Private efforts always fail and go to the City Trough. The City never protects taxpayer interests and gives out money that is not theirs’. No respect given to voters ever.

  4. Gordon L. Shadle says:

    My first reaction: deja vu.

    Remember the carousel? The merry-go-round folks promised….promised….that they wouldn’t demand public money. Then they demanded, and got, $750,000 of taxpayer money.

    Once again, Albany taxpayers are being asked to subsidize a “private” effort.

    Like the carousel, I was encouraged that the Cumberland project captured the spirit of private voluntary association and volunteerism. It was inspirational.

    But now the Cumberland folks, like the carousel folks, have lowered themselves by attempting to elbow their way to the public trough.


    The city should not force every property taxpayer into a relationship with this project.

    If the Cumberland project can’t be done 100% freely and voluntarily, it shouldn’t be done at all.

  5. Bill Kapaun says:

    “Back in 1999, the city bought four lots at the corner of Pine Street and Santiam Road, near Hackleman Park, from a private investor.”

    EXACTLY WHY did the City buy this property? IF it had ANYTHING to do with street changes/improvements, then ALL proceeds should go DIRECTLY to the “street fund”.

    • RICH KELLUM says:

      I do not know why the lots were purchased, but a more salient thought process would put the money back where it came from, or send it to the thing that the City needs most. I would like to see all funds removed from the special accounts with the exception of those that have a codicil from the folks who gave the money or if there is a restriction from a higher authority. Then allocate the money to the city’s needs instead of the special privilege individuals wants. But I quit the Council because I wanted to have the life I am now living.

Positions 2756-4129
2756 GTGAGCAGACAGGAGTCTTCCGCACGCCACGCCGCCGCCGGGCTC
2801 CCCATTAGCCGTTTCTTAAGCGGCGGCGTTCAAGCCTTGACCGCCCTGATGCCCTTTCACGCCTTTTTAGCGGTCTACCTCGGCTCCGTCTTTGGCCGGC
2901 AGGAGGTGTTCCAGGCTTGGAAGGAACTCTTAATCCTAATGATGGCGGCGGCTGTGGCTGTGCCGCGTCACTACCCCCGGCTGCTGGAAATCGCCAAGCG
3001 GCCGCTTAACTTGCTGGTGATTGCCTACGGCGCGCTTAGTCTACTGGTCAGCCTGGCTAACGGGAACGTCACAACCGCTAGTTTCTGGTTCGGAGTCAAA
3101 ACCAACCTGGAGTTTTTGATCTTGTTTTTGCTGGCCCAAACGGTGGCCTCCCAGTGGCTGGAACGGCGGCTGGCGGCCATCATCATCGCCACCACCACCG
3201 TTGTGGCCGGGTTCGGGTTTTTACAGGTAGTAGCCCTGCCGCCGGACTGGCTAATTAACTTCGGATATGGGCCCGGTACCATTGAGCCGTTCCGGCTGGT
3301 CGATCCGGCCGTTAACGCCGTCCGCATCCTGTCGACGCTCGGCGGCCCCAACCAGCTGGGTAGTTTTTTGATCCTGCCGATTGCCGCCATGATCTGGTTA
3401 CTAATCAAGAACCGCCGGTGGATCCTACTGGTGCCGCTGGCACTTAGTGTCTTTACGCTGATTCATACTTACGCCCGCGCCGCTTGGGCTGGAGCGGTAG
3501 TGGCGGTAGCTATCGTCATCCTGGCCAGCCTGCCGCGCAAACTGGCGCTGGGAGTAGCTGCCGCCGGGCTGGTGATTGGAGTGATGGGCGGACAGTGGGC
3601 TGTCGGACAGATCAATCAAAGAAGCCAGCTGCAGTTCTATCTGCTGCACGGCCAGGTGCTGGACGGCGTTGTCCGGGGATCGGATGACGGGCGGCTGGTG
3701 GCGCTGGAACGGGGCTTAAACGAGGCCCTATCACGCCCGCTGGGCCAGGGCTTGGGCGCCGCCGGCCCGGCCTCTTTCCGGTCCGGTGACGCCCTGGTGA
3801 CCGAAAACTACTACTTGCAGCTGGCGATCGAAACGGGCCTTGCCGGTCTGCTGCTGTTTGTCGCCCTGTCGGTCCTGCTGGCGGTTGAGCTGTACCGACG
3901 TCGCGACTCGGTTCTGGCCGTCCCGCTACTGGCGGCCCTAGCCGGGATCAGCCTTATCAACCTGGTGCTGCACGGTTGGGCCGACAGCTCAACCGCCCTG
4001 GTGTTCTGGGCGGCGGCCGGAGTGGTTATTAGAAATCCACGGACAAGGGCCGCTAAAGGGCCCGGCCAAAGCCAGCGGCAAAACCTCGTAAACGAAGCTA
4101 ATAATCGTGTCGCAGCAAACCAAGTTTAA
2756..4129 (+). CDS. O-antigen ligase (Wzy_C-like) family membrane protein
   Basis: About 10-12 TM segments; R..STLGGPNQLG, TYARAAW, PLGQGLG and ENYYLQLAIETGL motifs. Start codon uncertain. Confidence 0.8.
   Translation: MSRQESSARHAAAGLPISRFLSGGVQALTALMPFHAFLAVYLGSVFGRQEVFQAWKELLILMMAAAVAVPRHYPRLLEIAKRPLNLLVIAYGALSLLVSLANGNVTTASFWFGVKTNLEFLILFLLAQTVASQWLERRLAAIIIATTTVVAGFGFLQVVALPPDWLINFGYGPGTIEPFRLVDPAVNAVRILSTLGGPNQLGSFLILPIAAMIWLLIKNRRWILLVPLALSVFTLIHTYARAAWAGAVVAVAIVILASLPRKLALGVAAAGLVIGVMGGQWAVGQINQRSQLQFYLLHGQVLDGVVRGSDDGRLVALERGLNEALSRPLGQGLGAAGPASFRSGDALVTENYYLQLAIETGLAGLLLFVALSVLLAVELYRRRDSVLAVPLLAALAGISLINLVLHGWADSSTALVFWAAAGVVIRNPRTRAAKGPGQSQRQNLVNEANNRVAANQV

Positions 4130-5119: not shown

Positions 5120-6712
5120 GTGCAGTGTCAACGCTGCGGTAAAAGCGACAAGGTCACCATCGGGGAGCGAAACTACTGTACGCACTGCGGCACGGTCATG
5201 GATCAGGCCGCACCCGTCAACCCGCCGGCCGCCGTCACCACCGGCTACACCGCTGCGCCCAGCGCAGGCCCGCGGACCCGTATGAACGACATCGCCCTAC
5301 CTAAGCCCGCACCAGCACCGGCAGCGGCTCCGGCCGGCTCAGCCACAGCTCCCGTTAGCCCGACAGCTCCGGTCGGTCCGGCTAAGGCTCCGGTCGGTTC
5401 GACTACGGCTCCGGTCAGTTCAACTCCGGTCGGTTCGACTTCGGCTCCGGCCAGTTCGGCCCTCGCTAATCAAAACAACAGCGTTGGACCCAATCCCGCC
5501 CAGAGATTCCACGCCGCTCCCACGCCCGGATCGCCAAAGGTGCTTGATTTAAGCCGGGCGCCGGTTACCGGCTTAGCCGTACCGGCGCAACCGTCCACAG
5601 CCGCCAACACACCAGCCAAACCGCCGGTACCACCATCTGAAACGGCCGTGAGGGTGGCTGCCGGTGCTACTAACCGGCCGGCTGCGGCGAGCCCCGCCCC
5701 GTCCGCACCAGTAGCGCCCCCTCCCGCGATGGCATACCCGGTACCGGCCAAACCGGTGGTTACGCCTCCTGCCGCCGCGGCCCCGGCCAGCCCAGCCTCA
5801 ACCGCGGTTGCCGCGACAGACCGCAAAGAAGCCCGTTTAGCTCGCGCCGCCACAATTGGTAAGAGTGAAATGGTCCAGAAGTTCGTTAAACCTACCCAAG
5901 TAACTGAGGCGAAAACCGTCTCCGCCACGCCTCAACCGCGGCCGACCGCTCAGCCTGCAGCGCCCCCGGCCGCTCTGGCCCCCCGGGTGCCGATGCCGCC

6. chris j says:

    The city council will do whatever the city manager wants. That is how he knows exactly what they will do. Our votes are just a formality and to bait us into thinking we are to blame for their bad judgements and choices. We need to start proposing projects that effect them negatively maybe then they would gain some humility and comprehension of their decisions. Us beasts of burden do have a breaking point were we see the inequities of what is imposed on us. The liberties that were promised us only apply to people who can afford to pay for it and usually with our tax money.

  7. RICH KELLUM says:

    This is just the type of thing that this group promised would not happen, They said “this will all be done with private money”………….and here they are with their hand out…………again.

    • Bill Kapaun says:

      And the same old cronies basically laundering money to their pet projects.

      AGAIN- WHY were these lots purchased?

      • JBC says:

        I’d look into whether these lots were part of the original (large) section of land DONATED by Mr & Mrs HACKLEMAN (or family trust) TO CITY OF ALBANY for “benefit” of citizens (or residents, can’t recall specific wording)
        I saw Linn County recorded documents relating to that area a few years ago.